Two of the three collections were written in English, and one was translated into English. Americans may not realize that there is an active English-speaking literary community in Israel; Bar-Ilan University now offers an MFA in creative writing, taught in English. Israel has three official languages—Hebrew, Arabic and English—and this is reflected not only in its trilingual street signs, but also in its literary output. The Helicon Society runs a poetry school in both Hebrew and Arabic, and some English-language poets, such as Karen Alkalay-Gut, who taught at Tel Aviv University for many years, also translate from both Hebrew and Arabic into English. At the moment there is a controversial bill proposing to strip Arabic of its second-language status, but no one is proposing to get rid of English. Instead, some prominent Hebrew writers are embracing English; the novelist Amoz Oz and his historian daughter Fania Oz-Salzberger, for instance, published Jews and Words in English, and then it was translated into Hebrew. There is, then, an ongoing and growing dialogue between English, the lingua franca of the world, and the far older languages and textures of the Middle East. These three recent poetry collections reflect that fascinating conversation.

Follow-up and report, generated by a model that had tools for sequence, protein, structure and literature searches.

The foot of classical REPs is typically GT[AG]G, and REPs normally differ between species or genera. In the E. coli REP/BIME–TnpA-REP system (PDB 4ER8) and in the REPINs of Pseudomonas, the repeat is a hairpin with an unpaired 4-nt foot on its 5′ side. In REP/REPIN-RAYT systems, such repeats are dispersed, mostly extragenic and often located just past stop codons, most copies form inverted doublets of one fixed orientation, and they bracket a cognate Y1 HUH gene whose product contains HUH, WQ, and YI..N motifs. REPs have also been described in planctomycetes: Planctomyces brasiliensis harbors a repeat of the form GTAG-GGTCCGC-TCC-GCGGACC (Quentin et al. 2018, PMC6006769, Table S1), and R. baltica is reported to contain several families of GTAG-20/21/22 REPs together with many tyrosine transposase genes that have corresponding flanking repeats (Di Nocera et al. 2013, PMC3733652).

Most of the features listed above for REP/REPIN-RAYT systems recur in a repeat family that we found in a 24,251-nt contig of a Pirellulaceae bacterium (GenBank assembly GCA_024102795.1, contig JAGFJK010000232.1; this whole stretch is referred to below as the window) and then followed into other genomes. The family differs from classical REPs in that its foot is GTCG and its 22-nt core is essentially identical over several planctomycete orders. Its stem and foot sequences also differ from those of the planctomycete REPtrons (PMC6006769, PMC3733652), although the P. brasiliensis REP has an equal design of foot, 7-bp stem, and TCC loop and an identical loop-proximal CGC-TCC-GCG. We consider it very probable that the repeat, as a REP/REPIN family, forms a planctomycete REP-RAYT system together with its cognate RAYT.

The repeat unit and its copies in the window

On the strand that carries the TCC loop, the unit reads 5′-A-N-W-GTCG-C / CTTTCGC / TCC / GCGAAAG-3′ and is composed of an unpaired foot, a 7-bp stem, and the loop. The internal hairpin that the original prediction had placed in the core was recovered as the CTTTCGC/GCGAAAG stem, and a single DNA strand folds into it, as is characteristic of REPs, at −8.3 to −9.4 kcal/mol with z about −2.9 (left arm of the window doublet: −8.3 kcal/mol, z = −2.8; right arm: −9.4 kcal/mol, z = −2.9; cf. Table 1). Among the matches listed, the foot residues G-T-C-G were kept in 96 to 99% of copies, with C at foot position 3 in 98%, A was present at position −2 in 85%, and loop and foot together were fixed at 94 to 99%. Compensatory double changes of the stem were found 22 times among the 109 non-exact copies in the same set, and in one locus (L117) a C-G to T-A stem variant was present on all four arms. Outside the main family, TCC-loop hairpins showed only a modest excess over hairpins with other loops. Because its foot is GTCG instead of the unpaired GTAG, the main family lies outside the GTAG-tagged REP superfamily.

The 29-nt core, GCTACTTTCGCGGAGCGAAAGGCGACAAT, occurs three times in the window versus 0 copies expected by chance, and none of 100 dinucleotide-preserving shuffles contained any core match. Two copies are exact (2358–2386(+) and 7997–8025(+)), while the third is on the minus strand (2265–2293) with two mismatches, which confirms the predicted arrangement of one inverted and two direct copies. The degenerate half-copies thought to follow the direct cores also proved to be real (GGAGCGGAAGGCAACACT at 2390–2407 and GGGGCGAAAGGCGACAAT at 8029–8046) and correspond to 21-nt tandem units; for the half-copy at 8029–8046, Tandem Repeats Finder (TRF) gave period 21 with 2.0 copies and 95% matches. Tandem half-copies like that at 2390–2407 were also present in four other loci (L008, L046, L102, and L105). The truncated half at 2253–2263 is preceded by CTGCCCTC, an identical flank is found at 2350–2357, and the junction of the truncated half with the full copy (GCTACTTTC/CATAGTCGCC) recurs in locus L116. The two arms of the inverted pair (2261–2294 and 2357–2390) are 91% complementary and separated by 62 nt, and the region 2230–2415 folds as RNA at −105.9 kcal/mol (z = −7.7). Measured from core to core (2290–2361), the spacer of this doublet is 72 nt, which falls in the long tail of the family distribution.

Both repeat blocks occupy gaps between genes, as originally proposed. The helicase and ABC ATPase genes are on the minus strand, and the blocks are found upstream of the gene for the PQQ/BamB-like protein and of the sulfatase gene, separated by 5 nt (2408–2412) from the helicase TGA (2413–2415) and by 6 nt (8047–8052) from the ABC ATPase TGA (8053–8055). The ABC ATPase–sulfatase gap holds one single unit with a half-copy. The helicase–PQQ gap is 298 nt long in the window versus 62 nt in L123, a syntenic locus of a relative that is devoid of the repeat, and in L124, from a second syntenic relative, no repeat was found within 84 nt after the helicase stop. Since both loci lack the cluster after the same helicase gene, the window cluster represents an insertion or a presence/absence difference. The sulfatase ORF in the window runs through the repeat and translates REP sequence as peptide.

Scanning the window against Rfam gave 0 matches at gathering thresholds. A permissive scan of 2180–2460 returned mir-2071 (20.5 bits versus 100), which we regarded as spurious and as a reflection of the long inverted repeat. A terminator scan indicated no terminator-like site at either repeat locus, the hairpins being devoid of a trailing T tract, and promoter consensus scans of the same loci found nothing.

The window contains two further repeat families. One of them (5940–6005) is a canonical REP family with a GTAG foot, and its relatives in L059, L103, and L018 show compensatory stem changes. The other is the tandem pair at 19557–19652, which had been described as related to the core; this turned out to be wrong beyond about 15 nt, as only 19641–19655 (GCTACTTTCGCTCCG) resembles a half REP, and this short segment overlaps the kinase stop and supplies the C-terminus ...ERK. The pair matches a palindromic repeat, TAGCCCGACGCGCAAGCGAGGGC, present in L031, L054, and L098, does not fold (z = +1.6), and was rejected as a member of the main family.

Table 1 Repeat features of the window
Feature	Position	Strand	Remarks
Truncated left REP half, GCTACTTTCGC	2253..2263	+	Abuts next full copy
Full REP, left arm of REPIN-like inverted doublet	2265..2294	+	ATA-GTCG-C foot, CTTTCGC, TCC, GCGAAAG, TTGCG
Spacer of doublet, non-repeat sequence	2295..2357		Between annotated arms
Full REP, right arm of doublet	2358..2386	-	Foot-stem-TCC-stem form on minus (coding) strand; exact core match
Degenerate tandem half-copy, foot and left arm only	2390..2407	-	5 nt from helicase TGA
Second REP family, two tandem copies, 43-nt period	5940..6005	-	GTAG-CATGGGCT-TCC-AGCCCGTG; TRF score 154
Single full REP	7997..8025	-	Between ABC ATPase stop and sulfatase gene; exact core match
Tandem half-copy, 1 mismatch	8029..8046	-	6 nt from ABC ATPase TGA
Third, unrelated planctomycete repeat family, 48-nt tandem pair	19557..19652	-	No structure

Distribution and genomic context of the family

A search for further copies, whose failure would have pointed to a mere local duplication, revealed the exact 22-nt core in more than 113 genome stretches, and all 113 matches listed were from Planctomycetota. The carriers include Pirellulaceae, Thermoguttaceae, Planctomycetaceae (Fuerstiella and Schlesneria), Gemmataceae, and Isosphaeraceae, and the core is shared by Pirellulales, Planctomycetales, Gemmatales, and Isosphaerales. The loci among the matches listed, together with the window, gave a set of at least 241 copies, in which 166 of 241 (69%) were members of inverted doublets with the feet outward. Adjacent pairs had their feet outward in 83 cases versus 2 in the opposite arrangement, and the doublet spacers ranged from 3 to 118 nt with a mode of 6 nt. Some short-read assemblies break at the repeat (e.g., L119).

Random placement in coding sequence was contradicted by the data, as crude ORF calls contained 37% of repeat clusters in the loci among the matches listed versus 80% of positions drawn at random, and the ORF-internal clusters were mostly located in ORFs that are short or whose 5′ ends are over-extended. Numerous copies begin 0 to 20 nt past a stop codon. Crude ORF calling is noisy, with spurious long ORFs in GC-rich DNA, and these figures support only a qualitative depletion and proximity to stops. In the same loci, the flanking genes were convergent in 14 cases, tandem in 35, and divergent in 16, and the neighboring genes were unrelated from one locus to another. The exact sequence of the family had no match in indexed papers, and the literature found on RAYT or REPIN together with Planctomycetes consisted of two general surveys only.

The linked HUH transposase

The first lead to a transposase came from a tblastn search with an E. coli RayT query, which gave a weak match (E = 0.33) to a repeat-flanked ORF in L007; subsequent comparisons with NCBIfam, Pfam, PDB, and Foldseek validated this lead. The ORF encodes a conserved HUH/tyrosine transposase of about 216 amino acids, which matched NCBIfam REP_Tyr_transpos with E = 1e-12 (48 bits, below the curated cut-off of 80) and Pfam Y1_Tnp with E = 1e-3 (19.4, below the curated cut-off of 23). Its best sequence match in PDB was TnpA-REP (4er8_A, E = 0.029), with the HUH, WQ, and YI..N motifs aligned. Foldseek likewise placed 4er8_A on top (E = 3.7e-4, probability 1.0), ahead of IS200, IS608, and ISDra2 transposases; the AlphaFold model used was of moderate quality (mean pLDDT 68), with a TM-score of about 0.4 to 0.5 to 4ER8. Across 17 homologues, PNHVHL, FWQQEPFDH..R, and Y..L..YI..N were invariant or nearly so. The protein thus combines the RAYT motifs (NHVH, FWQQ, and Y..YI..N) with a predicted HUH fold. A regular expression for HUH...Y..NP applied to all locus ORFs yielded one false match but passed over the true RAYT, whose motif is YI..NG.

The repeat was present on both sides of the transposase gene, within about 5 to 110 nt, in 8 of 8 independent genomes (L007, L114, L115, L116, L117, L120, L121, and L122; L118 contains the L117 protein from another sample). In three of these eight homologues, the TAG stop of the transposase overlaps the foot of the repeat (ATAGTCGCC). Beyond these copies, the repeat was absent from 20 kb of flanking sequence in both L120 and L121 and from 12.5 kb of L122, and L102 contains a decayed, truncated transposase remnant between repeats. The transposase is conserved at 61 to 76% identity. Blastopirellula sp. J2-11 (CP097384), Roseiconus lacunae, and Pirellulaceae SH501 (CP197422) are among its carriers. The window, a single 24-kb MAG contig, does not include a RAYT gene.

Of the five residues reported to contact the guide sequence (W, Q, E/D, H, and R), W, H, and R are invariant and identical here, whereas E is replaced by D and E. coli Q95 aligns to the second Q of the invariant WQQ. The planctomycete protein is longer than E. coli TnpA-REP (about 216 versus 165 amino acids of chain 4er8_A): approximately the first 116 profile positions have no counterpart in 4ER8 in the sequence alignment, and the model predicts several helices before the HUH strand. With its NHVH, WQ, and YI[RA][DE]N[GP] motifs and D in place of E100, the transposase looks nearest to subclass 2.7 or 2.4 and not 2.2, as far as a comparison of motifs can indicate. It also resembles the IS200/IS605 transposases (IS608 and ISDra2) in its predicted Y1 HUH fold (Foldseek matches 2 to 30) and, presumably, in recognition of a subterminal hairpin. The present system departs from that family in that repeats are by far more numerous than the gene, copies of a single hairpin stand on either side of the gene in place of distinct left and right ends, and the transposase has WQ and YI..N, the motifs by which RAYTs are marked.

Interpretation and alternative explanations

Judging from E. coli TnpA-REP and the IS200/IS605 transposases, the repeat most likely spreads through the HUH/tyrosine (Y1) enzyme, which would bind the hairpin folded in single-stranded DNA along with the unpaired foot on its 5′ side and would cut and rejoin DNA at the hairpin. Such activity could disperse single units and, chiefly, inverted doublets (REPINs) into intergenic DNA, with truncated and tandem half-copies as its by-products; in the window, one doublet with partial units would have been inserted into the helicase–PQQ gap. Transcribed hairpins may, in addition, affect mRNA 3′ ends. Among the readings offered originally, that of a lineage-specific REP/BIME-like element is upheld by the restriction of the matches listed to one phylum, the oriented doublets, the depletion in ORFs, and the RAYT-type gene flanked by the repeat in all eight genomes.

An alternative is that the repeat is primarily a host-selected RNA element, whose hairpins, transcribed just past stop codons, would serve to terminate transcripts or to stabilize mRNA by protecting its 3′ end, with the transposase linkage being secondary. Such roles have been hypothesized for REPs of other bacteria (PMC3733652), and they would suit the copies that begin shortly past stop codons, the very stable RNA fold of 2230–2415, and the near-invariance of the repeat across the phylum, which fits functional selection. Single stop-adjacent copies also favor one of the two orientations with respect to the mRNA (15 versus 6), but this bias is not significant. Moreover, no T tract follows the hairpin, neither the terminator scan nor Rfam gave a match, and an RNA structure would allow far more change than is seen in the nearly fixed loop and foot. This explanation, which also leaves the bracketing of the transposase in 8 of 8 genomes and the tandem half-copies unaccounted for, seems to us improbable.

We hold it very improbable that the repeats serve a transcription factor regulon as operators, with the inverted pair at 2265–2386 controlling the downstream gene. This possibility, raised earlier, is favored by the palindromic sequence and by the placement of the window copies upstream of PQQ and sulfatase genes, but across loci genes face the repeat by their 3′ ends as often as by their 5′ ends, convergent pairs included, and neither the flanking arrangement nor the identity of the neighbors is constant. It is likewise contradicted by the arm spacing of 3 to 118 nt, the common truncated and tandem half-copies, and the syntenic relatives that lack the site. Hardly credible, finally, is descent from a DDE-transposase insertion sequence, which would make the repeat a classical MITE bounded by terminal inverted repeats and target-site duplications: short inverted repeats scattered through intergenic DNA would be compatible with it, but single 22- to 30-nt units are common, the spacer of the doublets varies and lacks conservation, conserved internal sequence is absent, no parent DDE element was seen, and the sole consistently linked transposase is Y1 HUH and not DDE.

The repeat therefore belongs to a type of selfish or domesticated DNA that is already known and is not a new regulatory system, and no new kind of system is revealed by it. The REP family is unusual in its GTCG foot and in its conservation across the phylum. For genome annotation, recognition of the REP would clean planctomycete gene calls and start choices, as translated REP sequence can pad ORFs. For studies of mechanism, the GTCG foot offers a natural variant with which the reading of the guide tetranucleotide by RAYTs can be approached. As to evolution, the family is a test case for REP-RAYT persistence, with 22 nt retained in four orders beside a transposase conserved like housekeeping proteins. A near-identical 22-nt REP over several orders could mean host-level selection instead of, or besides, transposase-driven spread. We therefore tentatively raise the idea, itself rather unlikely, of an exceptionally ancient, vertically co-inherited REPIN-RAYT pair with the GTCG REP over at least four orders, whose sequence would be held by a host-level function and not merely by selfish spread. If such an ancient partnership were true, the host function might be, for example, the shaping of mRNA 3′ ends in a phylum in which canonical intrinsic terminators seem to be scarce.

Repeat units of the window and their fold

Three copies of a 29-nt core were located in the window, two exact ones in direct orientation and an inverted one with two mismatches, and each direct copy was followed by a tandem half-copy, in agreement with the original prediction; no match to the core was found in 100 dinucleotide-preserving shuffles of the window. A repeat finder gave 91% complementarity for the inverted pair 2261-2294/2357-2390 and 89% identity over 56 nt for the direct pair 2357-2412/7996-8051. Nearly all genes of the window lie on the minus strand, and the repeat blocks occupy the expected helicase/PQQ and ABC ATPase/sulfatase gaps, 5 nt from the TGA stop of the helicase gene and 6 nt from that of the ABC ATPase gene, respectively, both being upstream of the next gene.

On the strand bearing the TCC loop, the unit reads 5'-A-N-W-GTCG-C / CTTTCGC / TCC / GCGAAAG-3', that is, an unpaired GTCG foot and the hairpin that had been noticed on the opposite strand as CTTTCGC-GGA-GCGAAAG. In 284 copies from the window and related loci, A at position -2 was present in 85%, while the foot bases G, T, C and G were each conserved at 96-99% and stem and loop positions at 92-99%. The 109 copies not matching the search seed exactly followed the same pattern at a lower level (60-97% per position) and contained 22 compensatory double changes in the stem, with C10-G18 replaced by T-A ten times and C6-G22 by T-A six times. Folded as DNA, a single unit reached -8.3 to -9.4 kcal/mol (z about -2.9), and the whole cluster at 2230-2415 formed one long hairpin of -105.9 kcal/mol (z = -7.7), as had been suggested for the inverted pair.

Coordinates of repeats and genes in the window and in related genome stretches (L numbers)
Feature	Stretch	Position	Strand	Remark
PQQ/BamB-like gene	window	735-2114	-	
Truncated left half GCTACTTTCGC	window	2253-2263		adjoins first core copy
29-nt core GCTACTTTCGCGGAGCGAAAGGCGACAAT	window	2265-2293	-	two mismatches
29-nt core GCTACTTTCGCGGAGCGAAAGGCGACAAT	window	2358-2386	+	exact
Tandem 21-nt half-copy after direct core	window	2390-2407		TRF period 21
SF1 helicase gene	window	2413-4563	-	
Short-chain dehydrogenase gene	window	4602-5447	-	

Dennis Silk (1928–98), whose book A Cloud Inhaled Me: Collected Poems was just published by Sheep Meadow Press, was a well-known personality in Jerusalem; a London-born poet and translator, he also wrote prose and experimental theater pieces. “Silk belongs to the now rare, if not extinct breed of autodidacts, undiplomaed and unaffiliated to any school other than the singing school of verse,” the poet Gabriel Levin writes in the introduction. Levin details how Silk left England and moved into a shack overlooking the old city of Jerusalem and “situated quite literally on the seam running between Israel and the pre-1967 border with Jordan.”